16 thoughts to “Old laws in India”

  1. In my opinion, there quite a politically feasible solution here
    1. Moving much of these “central subjects” to the states will be both politically expedient and practically effective(or not as the case maybe).
    2. Moving away from Income Tax to sales tax.
    Why would the left raise an issue if the finance minister were to announce tommorrow that there will be no Income Tax ??…can’t this beat the commies in their own game?

  2. Nilu,
    If you moved it to the states, you’d just get even more variants of the law, just one for each state. So you might find that you can be gay in, say, Kerala, but not in Bihar. ;)
    2. Moving away from Income Tax to sales tax.
    Why, I proposed exactly that many years ago.
    Why would the left raise an issue if the finance minister were to announce tommorrow that there will be no Income Tax ??
    If you remember, the Left was actually asking for income tax to be raised to raise revenue for “welfare” programmes. The Left allegedly represents the “working class” who don’t pay any income tax, unlike us middle class and higher people.
    So if you banished income tax, you’d be taking money away that could be used for the exceedingly efficient government welfare schemes to “help the poor”. And we rich SOBs should pay tax because we make more money, damn it!
    Comrade Nilu, you have much to learn.

  3. Exactly my point Madman.If am not gay in Bihar, I might probably move there. This comparison might force states to reach the equilibrium of the minimum.
    And regarding the welfare programs and Taxation – can’t the Finance minister indulge in political grandstanding and specious rhetoric to spin welfare on it’s head??..I think it’s possible.

  4. The weekly blogside view of the Indian economy (7)

    Every week some not always blind men from not necessarily Hindustan alone describe what they think is the elephant. Here are this week’s perceptions….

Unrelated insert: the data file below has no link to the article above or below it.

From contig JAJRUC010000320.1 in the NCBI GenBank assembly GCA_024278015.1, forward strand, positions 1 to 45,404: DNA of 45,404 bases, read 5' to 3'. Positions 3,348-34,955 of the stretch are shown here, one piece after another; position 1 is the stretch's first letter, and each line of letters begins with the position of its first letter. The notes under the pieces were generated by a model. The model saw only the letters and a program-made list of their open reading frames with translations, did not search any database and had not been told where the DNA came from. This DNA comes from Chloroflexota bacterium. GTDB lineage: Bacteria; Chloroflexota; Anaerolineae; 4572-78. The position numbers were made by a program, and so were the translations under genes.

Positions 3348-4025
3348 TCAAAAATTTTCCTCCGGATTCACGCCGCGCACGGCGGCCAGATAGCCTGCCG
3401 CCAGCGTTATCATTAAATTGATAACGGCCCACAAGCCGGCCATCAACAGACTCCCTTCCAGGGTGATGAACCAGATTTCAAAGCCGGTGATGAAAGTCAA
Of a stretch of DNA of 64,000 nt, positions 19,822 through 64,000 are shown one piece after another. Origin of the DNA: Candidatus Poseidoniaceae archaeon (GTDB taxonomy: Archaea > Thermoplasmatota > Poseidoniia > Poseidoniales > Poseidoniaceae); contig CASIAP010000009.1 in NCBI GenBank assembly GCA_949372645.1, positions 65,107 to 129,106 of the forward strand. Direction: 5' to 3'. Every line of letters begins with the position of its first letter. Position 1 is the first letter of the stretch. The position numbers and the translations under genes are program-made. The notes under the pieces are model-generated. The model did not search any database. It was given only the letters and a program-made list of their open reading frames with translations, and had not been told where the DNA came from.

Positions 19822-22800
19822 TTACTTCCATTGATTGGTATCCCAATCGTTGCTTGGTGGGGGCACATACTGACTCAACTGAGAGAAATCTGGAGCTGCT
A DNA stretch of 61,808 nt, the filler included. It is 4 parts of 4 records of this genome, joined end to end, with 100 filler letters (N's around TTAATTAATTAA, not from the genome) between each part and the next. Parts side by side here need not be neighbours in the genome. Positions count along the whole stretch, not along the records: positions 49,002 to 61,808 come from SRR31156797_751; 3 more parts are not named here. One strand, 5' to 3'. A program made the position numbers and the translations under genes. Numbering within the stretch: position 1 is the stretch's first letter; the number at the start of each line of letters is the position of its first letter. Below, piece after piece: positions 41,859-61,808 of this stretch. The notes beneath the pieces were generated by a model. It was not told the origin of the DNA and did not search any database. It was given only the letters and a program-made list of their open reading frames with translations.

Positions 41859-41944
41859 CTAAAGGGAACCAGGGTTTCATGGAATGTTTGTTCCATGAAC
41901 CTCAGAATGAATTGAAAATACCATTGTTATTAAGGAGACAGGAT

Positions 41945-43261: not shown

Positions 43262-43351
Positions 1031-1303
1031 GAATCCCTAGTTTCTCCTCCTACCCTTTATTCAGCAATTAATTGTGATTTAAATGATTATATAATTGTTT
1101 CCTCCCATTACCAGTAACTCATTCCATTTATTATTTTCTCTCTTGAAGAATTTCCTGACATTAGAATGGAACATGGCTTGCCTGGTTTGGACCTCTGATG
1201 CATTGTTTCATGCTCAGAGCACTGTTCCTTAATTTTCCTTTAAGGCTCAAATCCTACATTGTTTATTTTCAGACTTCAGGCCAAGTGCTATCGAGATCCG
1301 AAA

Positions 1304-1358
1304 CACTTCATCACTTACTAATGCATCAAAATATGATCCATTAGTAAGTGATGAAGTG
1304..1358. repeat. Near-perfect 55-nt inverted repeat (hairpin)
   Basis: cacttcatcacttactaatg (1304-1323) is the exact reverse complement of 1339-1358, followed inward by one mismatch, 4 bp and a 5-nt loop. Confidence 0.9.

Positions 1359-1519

5. There has been some work done in this area. Too little, too slow for my taste though. Here’s Gurcharan Das writing on the progress last year.

    Manmohan Singh is aware that eliminating unwanted laws or simplifying them is a powerful way to improve governance. Ten years ago when he was finance minister, he set up a group under Bibek Debroy precisely to examine this. The group made an exhaustive study of central laws and concluded that 1,500 out of 3,500 laws were obsolete. If they were scrapped or significantly modified the citizen’s life would improve. Known as Project LARGE, the group brought out 30 reports and seven books that Allied published between 1994 and 1998. Arun Jaitley, as law minister, scrapped 350 of these laws. Now is the time, Dr Manmohan Singh, to follow through with the good work you began.

  6. The age of laws isn’t the problem, unless they become technologically obsolete.
    Nor is the fact that there are too many laws really an issue (every country has nearly endless lists of laws and regulations). If Parliament started passing laws to govern the kinds of issues that are becoming increasingly important in India right now, the length of the law books would be as long or longer than they currently are.
    But I agree that the justice system is way, way too slow. Why is that? I’ve never really understood why it takes 8 years to prosecute a case in India.
    If someone could cut out a lot of the red tape involved in bringing a case to trial, it would make a huge difference.

  7. The problem seems to be two fold – antiquated laws combined with lax enforcement. I am whole heartedly for fewer and more sensible laws that can be and ARE enforced!